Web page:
Women and Heart Disease

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Most people consider cardiovascular disease as something affecting middle-aged men. In fact, cardiovascular disease kills more New Zealand women than men and is the biggest killer of women in New Zealand. 
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Know the facts

More than 50 Kiwi women lose their battle with heart disease every week.

Source: The Heart Foundation, Go Red for Women NZ

Nearly two-thirds of the deaths from heart attacks in women occur among those who have no history of chest pain.

Source: Oestreicher Stock, E., Redberg, R. (2012) Cardiovascular disease in Women. Curr Probl Cardiol,37(11), 45-526

Women who smoke are three times more likely to have a heart attack than women who don’t smoke.

Source: Oestreicher Stock, E., Redberg, R. (2012) Cardiovascular disease in Women. Curr Probl Cardiol,37(11), 45-526

Janelle has felt the impact of cardiovascular disease first hand.

Janelle, a supporter of HRI, lost her mother to a heart attack in 2003. 

Her mother had suffered from severe headaches over a period of time, however “no-one ever gave much thought to the possibility that her heart was the problem as she didn’t fit the stereotype for heart disease. She was slimly built and had a low level of ‘the bad’ cholesterol. No-one considered it may have been an anomaly in blood flow to her head that was causing her headaches.”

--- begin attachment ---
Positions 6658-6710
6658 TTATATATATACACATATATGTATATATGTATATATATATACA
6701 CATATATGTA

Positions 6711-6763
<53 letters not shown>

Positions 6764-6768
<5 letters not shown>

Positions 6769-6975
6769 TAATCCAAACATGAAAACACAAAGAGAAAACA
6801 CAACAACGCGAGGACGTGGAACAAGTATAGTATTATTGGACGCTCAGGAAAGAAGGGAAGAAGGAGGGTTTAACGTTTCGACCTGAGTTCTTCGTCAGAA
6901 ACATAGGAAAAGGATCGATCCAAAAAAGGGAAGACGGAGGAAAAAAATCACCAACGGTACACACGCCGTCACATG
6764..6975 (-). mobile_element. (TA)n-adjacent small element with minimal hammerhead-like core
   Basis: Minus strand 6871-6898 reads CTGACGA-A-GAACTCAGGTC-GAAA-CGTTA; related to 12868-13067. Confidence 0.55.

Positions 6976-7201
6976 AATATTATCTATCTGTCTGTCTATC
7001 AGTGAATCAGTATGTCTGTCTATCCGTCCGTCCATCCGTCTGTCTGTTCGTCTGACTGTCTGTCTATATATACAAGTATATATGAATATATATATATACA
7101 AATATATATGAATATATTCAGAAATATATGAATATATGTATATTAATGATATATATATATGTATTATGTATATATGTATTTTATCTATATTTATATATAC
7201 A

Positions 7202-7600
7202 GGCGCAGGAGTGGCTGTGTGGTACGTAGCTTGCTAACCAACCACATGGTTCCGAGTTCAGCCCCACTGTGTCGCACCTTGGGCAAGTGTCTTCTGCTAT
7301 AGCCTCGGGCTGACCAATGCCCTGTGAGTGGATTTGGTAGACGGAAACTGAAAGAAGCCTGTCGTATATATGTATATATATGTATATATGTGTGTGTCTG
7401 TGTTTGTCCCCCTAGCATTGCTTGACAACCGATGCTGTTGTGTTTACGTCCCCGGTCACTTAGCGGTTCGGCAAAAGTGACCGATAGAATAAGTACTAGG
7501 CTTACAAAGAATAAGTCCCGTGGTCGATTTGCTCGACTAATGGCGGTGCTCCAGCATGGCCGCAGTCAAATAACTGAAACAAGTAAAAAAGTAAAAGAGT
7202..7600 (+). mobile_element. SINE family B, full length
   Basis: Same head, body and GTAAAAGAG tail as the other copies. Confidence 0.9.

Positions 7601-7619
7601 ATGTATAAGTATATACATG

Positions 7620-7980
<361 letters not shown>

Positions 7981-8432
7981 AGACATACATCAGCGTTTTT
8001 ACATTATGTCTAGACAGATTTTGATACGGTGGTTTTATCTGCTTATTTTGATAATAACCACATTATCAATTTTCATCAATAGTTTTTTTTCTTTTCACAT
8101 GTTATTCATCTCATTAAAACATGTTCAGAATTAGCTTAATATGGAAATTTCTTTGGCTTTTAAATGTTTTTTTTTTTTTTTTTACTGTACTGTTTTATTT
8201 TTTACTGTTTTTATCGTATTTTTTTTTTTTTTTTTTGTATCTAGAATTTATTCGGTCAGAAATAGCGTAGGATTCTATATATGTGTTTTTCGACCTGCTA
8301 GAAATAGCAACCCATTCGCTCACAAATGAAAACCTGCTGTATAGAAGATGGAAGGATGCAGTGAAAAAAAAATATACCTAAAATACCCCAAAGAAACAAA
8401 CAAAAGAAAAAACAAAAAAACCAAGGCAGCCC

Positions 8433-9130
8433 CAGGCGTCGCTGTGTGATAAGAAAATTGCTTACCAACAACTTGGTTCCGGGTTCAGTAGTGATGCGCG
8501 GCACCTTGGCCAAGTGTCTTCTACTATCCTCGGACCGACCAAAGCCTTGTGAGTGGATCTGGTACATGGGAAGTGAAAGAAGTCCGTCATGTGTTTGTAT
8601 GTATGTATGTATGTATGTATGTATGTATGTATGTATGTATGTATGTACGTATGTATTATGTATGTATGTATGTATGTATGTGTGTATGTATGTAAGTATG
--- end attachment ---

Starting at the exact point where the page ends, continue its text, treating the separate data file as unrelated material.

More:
Knowing the risk factors

The choices you make every day can impact your risk of heart disease. While some risk factors are beyond your control - age, gender, ethnicity, and family history - many risk factors are impacted by how we live our lives. Your blood pressure, cholesterol, what you eat and drink, if you smoke, and how much you exercise all impact on your risk of cardiovascular disease. 

Heart attack in women

Symptoms and signs

When a heart attack strikes, it doesn’t always feel the same in women as in men. Women don't always get the same “classic” heart attack symptoms such as crushing chest pain that radiates down one arm. Those heart attack symptoms can certainly happen to women, but many experience “silent” symptoms that they may miss.

These symptoms are common in women:

  • Chest pain or discomfort

  • Pain in your arms, back, neck, or jaw

  • Stomach pain

  • Shortness of breath, nausea, or lightheadedness.

  • Sweating

  • Fatigue

How our research is saving lives

Our Vascular Immunology Group has discovered that the severity of high blood pressure or hypertension in expectant mothers - preeclampsia - impacts on high blood pressure later in life. These findings will allow women to better manage their risk of circulation and heart problems in future. 

1,2 Women and Heart Disease: Cardiovascular Profile of Women in Australia, Australian Institute of Health and Welfare, 2010.

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